Book Review

Black Saint of the Americas: The Life and Afterlife of Martín de Porres

By Celia Cussen (Cambridge University Press, 2014)
Review by Michael Skaggs

Cussen Cover

How does one become recognized as a saint by the Catholic Church? Why do people spend extraordinary amounts of time, energy, and money convincing the Holy See to raise men and women “to the dignity of the altar”? Why does it matter who those people were, what they did, and what their communities thought about them? And why does the saint-making process take so long?

Celia Cussen’s Black Saint of the Americas: The Life and Afterlife of Martín de Porres takes on these questions and more. And as with many other histories, the answer supplied therein is both simple and complex: It depends. In the case of this limeño lay Dominican, it depended on his racial status, his gifts as a healer, and the performative aspects of 17th-century Catholicism in colonial Lima. As his centuries-long canonization process shows, these things mattered a great deal.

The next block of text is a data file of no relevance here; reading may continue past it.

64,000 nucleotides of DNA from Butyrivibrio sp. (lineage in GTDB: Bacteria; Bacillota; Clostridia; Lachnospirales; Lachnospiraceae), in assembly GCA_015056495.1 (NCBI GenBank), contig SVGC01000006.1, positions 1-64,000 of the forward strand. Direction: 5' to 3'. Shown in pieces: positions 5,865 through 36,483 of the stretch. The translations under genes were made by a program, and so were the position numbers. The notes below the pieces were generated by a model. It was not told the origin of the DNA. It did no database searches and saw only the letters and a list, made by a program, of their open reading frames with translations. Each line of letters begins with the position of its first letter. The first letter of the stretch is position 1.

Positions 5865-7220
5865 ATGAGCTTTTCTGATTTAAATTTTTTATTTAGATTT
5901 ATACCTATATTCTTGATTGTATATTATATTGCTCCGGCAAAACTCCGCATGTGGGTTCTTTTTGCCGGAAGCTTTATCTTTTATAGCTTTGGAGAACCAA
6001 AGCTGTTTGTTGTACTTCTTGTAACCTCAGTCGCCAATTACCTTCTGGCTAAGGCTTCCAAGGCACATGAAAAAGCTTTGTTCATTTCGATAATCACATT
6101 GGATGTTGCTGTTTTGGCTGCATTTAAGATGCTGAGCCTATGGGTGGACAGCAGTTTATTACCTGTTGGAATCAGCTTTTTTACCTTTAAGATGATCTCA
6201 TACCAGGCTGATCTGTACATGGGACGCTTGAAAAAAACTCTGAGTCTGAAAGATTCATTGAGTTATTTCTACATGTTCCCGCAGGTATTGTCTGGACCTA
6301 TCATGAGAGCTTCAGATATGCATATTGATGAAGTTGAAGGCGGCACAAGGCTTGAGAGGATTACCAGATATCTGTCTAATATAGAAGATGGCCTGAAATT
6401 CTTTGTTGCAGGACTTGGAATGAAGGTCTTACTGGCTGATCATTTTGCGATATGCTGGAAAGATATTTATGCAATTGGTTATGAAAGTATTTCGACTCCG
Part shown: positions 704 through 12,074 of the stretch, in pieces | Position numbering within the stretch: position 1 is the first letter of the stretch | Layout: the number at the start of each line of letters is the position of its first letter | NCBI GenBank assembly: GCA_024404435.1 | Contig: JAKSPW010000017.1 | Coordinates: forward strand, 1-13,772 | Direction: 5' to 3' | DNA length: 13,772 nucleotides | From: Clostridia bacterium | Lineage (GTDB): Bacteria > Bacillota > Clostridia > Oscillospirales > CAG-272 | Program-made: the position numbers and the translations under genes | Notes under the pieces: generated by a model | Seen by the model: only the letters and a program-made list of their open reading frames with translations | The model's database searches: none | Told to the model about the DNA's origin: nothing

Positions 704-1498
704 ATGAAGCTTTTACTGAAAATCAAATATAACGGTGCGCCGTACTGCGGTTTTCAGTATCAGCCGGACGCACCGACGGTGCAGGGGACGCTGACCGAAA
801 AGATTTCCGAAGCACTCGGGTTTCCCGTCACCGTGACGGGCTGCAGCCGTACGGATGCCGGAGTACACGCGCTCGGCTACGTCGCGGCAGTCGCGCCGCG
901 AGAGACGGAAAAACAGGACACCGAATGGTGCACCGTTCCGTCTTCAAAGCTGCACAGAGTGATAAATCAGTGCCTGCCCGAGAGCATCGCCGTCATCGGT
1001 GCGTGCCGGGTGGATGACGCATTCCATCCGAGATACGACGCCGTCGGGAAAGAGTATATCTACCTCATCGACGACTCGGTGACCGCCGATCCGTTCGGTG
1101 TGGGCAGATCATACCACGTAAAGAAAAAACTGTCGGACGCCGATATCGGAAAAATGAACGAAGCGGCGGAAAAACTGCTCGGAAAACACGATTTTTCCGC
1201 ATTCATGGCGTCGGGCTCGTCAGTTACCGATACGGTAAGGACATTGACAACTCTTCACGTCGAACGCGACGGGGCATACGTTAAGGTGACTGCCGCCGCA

Cussen seeks to reconstruct both the life and afterlife of Martín de Porres. His life was interesting enough, but it is his afterlife that especially interests Cussen and will appeal to other historians. She claims that “through the textual and visual language . . . used to portray the saintliness of Fray Martín, limeños, particularly members of the local elite, thought about some of the meanings of African origins and mixed ancestry, even as they reflected on the nature of death and the sacred body, approaches to healing, and, ultimately, claims to Spanish control over the Peruvian landscape” (5).